Just a few years ago, the bar for story-based video games was set pretty damn high. Want a rich world to get lost in? Well, let Bethesda shepherd you through the Fallout or Elder Scrolls franchises. Dig on deep, nuanced character interaction with romantic options? Hell friend, you should drink from Bioware’s cup of Mass Effect or Dragon Age. Prefer to engage with stories featuring decisions that matter? Telltale Games has you covered with multiple options, including The Walking Dead and Batman.
In recent times, however, that seems to have changed. Bethesda appear to be going through some kind of midlife crisis, releasing half-finished live service drek like Fallout 76. Bioware are on fire as well, with recent titles including the desperately disappointing Mass Effect: Andromeda and the baffling Anthem. And Telltale Games? They went bust.
The point is: it’s rough out there for folks who just want to get lost in a good story-based single player experience, without microtransactions, compulsory online connectivity or any of the other slings and arrows of outrageous monetisation. Enter The Outer Worlds, from RPG pros Obsidian Entertainment, and say goodbye to your remaining free time.
The Outer Worlds has been affectionately dubbed “Fallout in space” and while that’s a bit reductive, it’s also not entirely wrong. The game is set in a far future where humanity, being run by various megacorporations, has colonised the stars and you – the player character – are thawed out of cryogenic hibernation one day in the Halcyon Galaxy, with very little idea of what’s going on. See, you are one of the people on Hope, a lost colony ship filled with fellow icy boys, and after you’ve been woken up by the eccentric Phineas Vernon Welles, you’ll be required to go on an epic adventure to defrost your chums and maybe save the whole damn galaxy.
In practical terms, The Outer Worlds has you fang around the Halcyon galaxy on your ship The Unreliable, getting into adventures, making tough decisions, locking horns with corporations that range from benign to downright evil, and uncovering the dark secret that has killed so many. In essence, you’ll be digging into a moderate-sized adventure (20-30 hours or so) in a massively complex universe.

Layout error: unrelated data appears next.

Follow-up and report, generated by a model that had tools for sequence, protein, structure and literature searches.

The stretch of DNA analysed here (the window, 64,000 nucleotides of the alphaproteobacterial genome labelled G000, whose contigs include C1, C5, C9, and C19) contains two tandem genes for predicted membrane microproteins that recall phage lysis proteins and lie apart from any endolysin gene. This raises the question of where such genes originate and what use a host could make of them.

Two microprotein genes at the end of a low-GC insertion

While the lore of The Outer Worlds is staggering in its complexity, the actual gameplay is a lot more familiar. Obsidian created the beloved Fallout: New Vegas, and if you’ve played that game you’ve essentially played this one too. There will be hubs of NPCs you need to do stuff for, and long sections of wasteland full of marauders and monsters to kill or avoid. Eventually you’ll reach a point in the story where you’ll be required to pick a side, or change the stakes somehow, and then have to live with the consequences.
It’s a classic first-person RPG formula and while it is definitely engaging, it’s beginning to show its age. Also, this is a game by a small-to-medium sized studio, not a multi-billion dollar corporation, so don’t expect the near endless replayability of something like Fallout 4 or a dizzyingly massive game world.
Still, if you’re interested in playing The Outer Words, chances are you’re here for the writing, and the good news is, the story on offer is great. Well crafted, brimming with fascinating little details, wry comedic touches and characters you’ll actually want to talk to, this is a title that feels like a good book or a beloved TV series. So, while the shooting mechanics are fine rather than spectacular, and the loot game isn’t particularly deep, the story itself is an absolute cracker, and one you’ll think about long after the credits have rolled.
If Obsidian were trying to prove that there’s life left in the single player story-based RPG, they have absolutely succeeded. The Outer Worlds is an engaging and promising introduction to a new IP and hopefully the first of many games set in a brand new, intriguing, thought-provoking universe.